Wednesday, March 26, 2014

How many lives did slavery save?

In the most recent episode of Radio Derb, the eponymous host comments:
The further we get away from the age of slavery, the more angry people seem to be getting about it.

Well, some people. You know … black people. Slavery was a nearly universal feature of human society until the early-modern period, and was no respecter of race or nationality. A few years ago I reviewed Robert Davis's fine book Christian Slaves, Muslim Masters. Davis is a professor of history at Ohio State. In his book he tells the story of Muslim slave-raiding across the Mediterranean.
I wonder how many lives the "institution of slavery" (a phrase that is probably more obfuscating than it is clarifying, since the variables have, well, varied a lot across time and place) has saved throughout anatomically modern human history.

Lots of slaves became as much as a result of capture by an opposing military force engaged in campaigns in which human booty was not the official (or primary) objective. It's often safer and almost always easier for a fighter to kill his potential captive than it is to subdue him, keep him alive, and get him to a market or trade caravan--especially civilians inside a town that has been successfully sieged--but because that captive tended to be worth more alive than dead, there was a strong monetary incentive for the fighter not to kill or maim him. It's not as though slavery came without risks--volcanic ash wasn't the only thing to explode out of Mt. Vesuvius; Nat Turner's rebellion brought slave owners' worst nightmares to life; under the Yuan dynasty, Chinese slaves apparently often targeted their direct co-ethnic owners rather than their Mongol overlords during uprisings and rebellions.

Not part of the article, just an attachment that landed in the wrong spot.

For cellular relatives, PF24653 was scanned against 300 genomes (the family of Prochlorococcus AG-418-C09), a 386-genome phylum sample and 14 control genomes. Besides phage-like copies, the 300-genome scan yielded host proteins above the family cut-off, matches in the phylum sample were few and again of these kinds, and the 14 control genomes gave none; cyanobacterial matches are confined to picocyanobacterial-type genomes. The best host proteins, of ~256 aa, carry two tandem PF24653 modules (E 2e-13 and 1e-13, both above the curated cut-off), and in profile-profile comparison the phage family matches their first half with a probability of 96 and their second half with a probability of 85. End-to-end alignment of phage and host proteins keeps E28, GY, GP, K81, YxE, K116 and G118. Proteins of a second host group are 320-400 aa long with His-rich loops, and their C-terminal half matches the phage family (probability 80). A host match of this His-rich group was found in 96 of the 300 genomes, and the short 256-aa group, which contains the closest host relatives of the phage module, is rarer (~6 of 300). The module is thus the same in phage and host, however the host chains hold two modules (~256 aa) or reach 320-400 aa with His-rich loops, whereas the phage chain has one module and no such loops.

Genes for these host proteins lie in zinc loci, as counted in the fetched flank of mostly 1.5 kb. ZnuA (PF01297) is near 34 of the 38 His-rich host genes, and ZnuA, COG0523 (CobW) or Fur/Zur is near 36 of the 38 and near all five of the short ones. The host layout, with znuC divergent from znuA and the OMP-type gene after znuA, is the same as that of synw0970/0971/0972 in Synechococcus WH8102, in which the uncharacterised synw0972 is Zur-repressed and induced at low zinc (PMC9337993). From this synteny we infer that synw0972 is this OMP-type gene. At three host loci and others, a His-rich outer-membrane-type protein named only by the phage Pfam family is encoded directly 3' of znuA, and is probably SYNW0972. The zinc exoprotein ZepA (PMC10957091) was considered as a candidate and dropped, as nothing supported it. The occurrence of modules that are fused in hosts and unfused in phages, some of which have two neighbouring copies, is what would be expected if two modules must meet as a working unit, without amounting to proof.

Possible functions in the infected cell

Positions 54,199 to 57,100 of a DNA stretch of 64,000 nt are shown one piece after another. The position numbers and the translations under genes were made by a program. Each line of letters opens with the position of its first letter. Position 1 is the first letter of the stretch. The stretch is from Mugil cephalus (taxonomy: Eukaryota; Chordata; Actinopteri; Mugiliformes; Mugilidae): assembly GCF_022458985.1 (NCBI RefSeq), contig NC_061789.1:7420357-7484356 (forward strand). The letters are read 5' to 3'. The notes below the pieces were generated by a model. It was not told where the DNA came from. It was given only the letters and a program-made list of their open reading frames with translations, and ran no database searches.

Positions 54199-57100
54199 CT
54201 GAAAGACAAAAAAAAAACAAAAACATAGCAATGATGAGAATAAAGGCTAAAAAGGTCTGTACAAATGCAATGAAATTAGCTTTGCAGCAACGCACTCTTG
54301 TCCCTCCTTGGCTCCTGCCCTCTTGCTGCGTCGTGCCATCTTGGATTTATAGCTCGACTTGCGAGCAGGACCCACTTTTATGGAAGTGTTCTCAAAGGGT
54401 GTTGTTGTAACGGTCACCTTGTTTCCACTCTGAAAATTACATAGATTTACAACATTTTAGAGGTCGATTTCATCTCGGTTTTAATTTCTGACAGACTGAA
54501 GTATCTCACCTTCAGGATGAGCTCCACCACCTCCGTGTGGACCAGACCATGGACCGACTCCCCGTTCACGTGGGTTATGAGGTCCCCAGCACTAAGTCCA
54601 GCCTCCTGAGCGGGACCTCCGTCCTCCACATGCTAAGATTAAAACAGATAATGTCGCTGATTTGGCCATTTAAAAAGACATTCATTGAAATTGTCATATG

Net-net, are there more people alive today than there would otherwise be had no person ever been held in involuntary bondage to another? Presumably it's an impossible question to answer and of course it's an evil one that only an evil person would even think to ask.

3 comments:

Anonymous said...

Another perspective is the fate of all the African slaves taken to the Arab world. Not many seemed to have survived. The lucky ones came to the U.S.

szopeno said...

In a Malthusian world, if you remove part of population (as slaveS), there is more place and food for the others. I wonder how many of millions taken as slaves to USA would die anyway because of food constraints.

MM said...

No such thing as evil historical questions!

I've only studied the history New World "colonial-style" Atlantic slavery, and given the usual qualifications that a slave had a pretty short life expectancy + the mortality rates on slave ships, I suppose you'd need to establish just how many slaves were allowed to bear children who survived into adulthood themselves?

My recollection of that history, taught by a very knowledgeable old Western Civ. professor who was by no means conservative, was that something like 90% of African slaves were sent to the Caribbean, the West Indies, Brazil, etc. where they were worked to death in short order under really harsh conditions: very hot climates, textile factories, plantations, with gender segregation, etc. The high mortality rates probably accounted for the constant need for replacements.

The professor then characterized U.S. style slavery as "much less harsh" but by no means humane. Families were not always broken up, and there was more of an opportunity to become freedmen. Some of that comes across in film depictions of the Antebellum South, but to my knowledge, nobody's ever shown the really harsh conditions and high mortality rates of the British, Dutch, and Portuguese colonies. Except maybe Werner Herzog... : )